Fair warning - it's a time-consuming process. It took over a year between the time Gordon first made his request and the time a review board finally agreed that he merited the lower tax rate.
The Kerrsdale Data Project
The Kerrsdale Long Term Nut Stock Performance Data Series is the first scientific quality Data Series testing the performance of commercial nut tree stock in the Eastern Ontario region of Canada. The Series covers some 20 kinds of nut trees, tracking hundreds of individuals from seednut to seedling to first fruit, at a single site in North Stormont Township. To date, the Data Series has over 2500 individual observations, and it will be updated annually with each year's new data. This is the data you need to assure your own earliest nut culture success.
This is a pre-publication announcement. The Data Series, with full professional interpretation added, will published on CD-ROM by Cobjon Nutculture Services, under the direction of Dr. Roman Popadiouk. We will be also including in this current edition detailed analytical summaries, other useful performance interpretations, and the newest data on Year 2002 performance. This CD-ROM will get you off on the right foot in nut culture in the region.
To cover the initial publishing cost, we are pre-selling copies of the CD-ROM for $100 each (tax and shipping included), and are prepared to accept grants and donations as well. Once the fund reaches our target $5000 (our estimated project cost for initial data processing, compilation and interpretation), the production will begin, and the finished CD-ROM will be sent to customers soon after. After publication, the cost of the CD-ROM will be $125 per copy, plus tax, and shipping and handling.
To pre-order the CD-ROM, or to make a donation to this exciting project, call Hank Jones 613-231-4224, or pre-order online. Don't delay - Order today!
The Biggest Butternut
It's now official: a butternut tree on the grounds of the Royal Ottawa Golf Course is larger than any in the USA, in all three measures used by the Americans. It's almost certainly the largest in the world!
The trunk circumference is 6.84 m (269"); its height is 25.8 m (85'); its average crown spread 28.4 m (93').
The measurements were made by Hank Jones, Sergei Ponomarenko and John Sankey on 22 Sept 2002.
Turkish Hazels in Ottawa
About 1988, the City of Ottawa planted six Turkish Hazel (Corylus colurna) trees at 169 Gilmour Street. They are now from 7 to 10 meters tall, and about 25 cm DBH. In the next property to the west three more were planted a few years later - they are about 5 cm caliper. The tree closest to the original trees next door had one nut cluster on it.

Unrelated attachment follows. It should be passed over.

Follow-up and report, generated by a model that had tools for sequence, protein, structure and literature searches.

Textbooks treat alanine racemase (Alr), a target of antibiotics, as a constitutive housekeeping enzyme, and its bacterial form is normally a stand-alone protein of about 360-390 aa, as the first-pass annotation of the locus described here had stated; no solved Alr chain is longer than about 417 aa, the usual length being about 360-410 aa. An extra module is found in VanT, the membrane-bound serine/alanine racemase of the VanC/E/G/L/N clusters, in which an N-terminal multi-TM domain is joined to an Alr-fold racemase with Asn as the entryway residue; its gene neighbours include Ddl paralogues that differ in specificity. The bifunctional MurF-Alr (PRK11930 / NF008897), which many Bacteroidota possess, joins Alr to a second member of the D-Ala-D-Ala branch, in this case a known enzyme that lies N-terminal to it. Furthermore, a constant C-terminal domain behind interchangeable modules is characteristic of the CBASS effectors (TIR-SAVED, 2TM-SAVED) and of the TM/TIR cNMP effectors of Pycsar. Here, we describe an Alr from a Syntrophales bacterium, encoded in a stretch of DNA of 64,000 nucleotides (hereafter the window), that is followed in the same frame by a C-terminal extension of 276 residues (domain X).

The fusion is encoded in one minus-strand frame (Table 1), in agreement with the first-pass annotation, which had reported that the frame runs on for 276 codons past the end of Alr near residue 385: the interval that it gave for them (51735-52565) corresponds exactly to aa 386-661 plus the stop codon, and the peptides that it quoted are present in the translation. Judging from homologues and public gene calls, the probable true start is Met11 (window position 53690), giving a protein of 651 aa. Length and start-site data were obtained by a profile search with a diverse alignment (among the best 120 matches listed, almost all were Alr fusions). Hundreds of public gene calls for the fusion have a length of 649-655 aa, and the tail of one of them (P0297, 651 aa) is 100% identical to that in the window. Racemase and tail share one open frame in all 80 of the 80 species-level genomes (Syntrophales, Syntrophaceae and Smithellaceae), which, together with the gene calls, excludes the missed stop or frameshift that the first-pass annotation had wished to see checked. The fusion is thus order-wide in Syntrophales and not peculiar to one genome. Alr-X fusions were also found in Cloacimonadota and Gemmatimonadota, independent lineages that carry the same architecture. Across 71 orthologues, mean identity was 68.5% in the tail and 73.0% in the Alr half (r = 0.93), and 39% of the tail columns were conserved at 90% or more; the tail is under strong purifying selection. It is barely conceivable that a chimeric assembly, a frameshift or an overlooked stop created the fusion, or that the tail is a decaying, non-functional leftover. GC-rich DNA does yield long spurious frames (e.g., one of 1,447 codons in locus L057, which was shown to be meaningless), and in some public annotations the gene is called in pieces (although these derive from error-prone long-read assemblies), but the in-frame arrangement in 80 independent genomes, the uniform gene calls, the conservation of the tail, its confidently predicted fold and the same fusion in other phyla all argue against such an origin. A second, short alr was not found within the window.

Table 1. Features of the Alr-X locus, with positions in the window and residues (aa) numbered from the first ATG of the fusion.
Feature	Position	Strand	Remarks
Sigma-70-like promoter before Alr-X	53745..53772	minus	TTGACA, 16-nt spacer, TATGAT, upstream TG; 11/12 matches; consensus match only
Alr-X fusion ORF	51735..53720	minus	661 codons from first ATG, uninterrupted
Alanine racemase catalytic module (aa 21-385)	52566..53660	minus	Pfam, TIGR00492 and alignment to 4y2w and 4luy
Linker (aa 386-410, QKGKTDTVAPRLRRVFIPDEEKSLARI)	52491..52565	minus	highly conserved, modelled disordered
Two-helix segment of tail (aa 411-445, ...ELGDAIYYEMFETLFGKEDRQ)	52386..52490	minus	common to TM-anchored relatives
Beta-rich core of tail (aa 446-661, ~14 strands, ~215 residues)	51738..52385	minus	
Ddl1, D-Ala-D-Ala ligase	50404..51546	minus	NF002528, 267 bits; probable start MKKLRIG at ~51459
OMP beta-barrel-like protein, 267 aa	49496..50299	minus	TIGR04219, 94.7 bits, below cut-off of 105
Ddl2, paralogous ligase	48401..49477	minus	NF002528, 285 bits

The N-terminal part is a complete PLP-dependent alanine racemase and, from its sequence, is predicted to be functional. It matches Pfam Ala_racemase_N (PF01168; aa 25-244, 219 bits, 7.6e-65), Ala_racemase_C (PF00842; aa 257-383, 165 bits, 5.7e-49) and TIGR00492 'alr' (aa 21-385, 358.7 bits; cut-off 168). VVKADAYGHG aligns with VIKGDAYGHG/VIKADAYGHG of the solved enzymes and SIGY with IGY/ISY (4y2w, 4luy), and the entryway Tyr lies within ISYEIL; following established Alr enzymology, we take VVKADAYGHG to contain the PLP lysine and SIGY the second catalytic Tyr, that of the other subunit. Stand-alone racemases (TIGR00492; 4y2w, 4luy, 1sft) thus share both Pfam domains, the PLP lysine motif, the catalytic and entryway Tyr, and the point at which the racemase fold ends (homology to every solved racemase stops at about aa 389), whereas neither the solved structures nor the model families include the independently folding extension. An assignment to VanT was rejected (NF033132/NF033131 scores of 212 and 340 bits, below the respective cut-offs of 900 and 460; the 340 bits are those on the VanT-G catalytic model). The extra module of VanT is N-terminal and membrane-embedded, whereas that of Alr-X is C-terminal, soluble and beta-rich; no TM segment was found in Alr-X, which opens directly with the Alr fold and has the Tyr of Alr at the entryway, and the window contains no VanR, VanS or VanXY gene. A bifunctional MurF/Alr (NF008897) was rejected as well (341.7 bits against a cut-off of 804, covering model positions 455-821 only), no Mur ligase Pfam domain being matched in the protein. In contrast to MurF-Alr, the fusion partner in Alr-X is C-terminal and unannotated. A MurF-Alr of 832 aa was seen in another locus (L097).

I collected 60 clusters - probably less than 10% of the crop. The bigger clusters averaged 90 g each, with about 8 nuts each; and the smaller ones 50 g with about 5 nuts each. The biggest cluster weighed 110 g. The smallest cluster had 3 nuts and the largest had 10 nuts. The total weight of the clusters was 1.425 kg, and yielded 144 nuts, for an average of 6 nuts per cluster.
My guess is that these trees' total production was probably between 500 to 1000 clusters, or maybe 3000 to 6000 nuts - well worth thinking of for commercial nut production.
Curiously, their involucre is quite different from the botanical descriptions for this species, although there appear to not be any named cultivars in the trade. Spray-painted, they make really neat Christmas tree decorations.
My thanks to Craig Huff, City Forester, for locating the planting information for us.
On Butternut Cake
My son Michael discovered a small grove of butternut trees near where he lives, and they had a good crop in 2002. So, I collected a potato sack full, to relive the memories of my mother who, with her father and siblings, used to make a butternut cake for her mother's birthdays (20 October) early this century.
The collection was easy once there - a red squirrel had cut half the crop of one tree down, and had even piled many of them up. Then I went through old Nutterys to find out how best to turn them into a cake.
First, they are supposed to be hulled. Our growers' manual suggests: 1. cut the hulls in four and split them off, 2. do a peasant dance on them to squash the hulls followed by a hose rinse, or 3. use a cement mixer. Not having either a partner to dance with or a cement mixer, I began with the cutting method.
I tried 1,2,3 and 4 cuts per nut, and found that a single 360 cut followed by a twist of the knife was fastest for me - 8 nuts hulled per minute. But I quickly found another problem - gloves!
You see, butternut hulls stain hands - yellow after one, brown after a dozen, and black after a hundred or so. And, butternut shells have such sharp points that they destroy liquid-tight gloves. Surgical latex gloves don't even survive the first nut - they are punctured immediately. I tried several other kinds, ending up with 'heavy duty' dish washing gloves ($4 a pair) - even they only lasted a dozen or so nuts before they were torn or punctured.